Tesla price cut itself into a slide in earnings in the first three months of 2023 as the electric vehicle giant tried to fight off rising challenges from Chinese, European and fellow American EV makers.
And the succession of price cuts (at least three in the quarter) have continued into April with two in a few days, pointing to what could be a repeat performance in the three months to June.
And CEO Elon Musk made it clear in an after-market briefing that the company wants to drive sales and market share and not earnings.
Musk said Tesla will ‘invest in growth as fast as possible’ after slashing prices six times this year to boost demand – though the final two cuts this month have been made to make sure the company’s best-selling models in the US can maximise purchase subsidies under new rules that started on Tuesday.
Investors didn’t like the numbers and sent the shares down nearly 4% in afterhours trading (the results came after the bell on Wednesday).
After the 65% slump in 2022, driven by Musk’s ill-fated $US44 billion takeover of Twitter and sales of Tesla shares to finance that deal, the shares have rebounded around 48% so far this year on hopes of stronger sales and earnings.
But faced with rising challenges in the market place and a tough new subsidy regime in the US, Tesla cut the prices of its EVs at least three times in the quarter – with two more in April alone, the latest on Tuesday just before the release of the figures.
Tesla said revenue for the quarter totalled $US23.33 billion, up slightly from the $US23.21 billion forecast and up 24% from the $US18.756 billion in the first quarter of 2022.
But net income slumped 24% to $US2.51 billion, down 24% from last year’s $US3.318 billion. Tesla stressed the non-standard performance (called non-GAAP or non-Generally Accepted Accounting Principles) figures which showed earnings of $US2.9 billion, still down 22% from a year ago.
In its results statement, Tesla said the “underutilization of new factories” stressed margins, along with higher raw material, commodity, logistics and warranty costs, and lower revenue from environmental credits, all contributed to the drop in earnings from last year.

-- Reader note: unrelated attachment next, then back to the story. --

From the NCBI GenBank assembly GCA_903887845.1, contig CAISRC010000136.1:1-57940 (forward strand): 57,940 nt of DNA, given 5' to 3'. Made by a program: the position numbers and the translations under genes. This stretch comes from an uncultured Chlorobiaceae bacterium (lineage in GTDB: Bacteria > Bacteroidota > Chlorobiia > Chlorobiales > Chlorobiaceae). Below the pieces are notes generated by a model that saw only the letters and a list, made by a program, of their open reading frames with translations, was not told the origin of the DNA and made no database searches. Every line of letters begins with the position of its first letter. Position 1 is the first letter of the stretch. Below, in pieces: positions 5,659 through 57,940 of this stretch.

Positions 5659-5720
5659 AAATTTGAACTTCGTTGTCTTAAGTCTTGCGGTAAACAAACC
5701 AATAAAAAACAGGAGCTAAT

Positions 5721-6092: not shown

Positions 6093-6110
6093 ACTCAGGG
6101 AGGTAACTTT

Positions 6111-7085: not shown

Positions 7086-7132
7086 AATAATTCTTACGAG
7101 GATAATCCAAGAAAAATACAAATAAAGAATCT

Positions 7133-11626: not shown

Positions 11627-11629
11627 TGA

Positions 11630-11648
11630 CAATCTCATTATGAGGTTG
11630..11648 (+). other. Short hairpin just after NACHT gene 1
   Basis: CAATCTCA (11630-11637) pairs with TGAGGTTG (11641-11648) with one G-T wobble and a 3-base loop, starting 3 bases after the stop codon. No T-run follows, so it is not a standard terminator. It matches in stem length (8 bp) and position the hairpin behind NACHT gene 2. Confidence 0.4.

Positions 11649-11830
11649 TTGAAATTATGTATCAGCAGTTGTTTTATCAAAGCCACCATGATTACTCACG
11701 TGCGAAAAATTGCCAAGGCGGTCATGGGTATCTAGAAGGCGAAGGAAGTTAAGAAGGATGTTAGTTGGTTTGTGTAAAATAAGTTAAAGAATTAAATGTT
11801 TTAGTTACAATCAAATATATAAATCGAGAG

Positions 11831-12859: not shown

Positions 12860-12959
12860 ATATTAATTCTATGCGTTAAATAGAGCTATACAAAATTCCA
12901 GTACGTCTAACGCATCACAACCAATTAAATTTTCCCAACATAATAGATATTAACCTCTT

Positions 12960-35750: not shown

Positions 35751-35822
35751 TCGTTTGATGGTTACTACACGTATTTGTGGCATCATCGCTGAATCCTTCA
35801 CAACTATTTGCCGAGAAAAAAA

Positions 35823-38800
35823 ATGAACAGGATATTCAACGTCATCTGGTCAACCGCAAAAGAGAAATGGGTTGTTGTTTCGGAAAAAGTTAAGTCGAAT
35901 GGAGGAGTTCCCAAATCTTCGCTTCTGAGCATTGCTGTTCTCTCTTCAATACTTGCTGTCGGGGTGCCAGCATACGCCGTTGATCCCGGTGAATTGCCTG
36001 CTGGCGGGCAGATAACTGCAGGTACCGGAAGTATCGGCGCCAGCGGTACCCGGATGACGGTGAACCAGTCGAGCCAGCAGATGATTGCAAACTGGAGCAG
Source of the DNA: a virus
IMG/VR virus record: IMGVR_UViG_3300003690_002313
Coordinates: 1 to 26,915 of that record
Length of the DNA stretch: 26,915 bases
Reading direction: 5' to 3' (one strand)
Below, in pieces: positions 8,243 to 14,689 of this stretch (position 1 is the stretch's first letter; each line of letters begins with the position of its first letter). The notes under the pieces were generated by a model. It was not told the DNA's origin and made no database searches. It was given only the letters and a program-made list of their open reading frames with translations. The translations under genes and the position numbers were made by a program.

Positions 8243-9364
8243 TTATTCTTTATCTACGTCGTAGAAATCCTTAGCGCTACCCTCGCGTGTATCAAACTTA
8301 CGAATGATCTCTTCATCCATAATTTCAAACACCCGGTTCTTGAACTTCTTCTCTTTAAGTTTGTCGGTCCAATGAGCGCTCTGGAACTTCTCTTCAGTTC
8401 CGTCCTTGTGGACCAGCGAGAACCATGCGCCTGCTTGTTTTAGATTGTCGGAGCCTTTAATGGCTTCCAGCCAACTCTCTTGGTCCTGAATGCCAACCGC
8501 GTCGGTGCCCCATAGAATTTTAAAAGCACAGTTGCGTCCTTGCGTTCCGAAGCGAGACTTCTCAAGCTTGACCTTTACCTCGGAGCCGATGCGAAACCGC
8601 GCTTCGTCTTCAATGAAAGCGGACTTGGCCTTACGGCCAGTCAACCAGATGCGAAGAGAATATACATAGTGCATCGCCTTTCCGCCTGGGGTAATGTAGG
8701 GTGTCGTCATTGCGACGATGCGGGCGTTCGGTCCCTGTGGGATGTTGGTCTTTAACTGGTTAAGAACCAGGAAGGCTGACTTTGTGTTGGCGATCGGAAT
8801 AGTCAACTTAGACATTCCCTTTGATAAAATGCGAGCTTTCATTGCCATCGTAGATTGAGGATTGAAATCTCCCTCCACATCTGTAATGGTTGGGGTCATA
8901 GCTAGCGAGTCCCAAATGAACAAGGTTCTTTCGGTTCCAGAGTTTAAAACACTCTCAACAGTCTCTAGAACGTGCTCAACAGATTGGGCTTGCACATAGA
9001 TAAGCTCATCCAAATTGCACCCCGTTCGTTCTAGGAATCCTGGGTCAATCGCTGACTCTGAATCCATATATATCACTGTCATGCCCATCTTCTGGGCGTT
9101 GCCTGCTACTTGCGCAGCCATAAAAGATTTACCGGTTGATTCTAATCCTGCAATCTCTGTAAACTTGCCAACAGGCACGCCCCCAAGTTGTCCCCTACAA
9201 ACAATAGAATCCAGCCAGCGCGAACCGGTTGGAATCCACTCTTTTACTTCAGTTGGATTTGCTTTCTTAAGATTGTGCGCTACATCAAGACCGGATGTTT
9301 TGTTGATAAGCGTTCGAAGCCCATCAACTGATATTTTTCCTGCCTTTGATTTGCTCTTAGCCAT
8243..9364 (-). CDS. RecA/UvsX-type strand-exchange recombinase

Automotive revenue, Tesla’s core segment, reached $19.96 billion in the quarter, up 18% from last year. That’s because more EVs were sold in the quarter than a year ago.
Tesla Energy saw revenue soared to $US1.53 billion, up 148% compared to the same period last year as it sold more batteries. Tesla’s energy storage systems deployment increased to 3.9 gigawatt hours, or by 360% the company said.
These lithium-ion battery-based energy storage systems, made by Tesla, include the home backup battery, called the Powerwall, and the utility-scale Megapack system which enables utilities to store and use more energy generated from renewable, but intermittent, sources like solar and wind.
Tesla has ambitious plans for expansion and increased capital expenditures.
Tesla currently sells four EV models, which are produced at two vehicle assembly plants in the U.S., one in Shanghai and another outside of Berlin.
Meanwhile Tesla says work will start next month on its new lithium refinery in Texas.
Tesla executives said on Wednesday’s earnings call that after filing for approvals last September the company has the go ahead to start work on what will be the first of its kind in North America.
The refinery is in the Corpus Christi, Texas, area, nearby the major Corpus Christi port.
Musk did say in the call that lithium prices had eased since he was last on the call.
Tesla has said it expects the refinery to reach commercial operations by the end of 2024.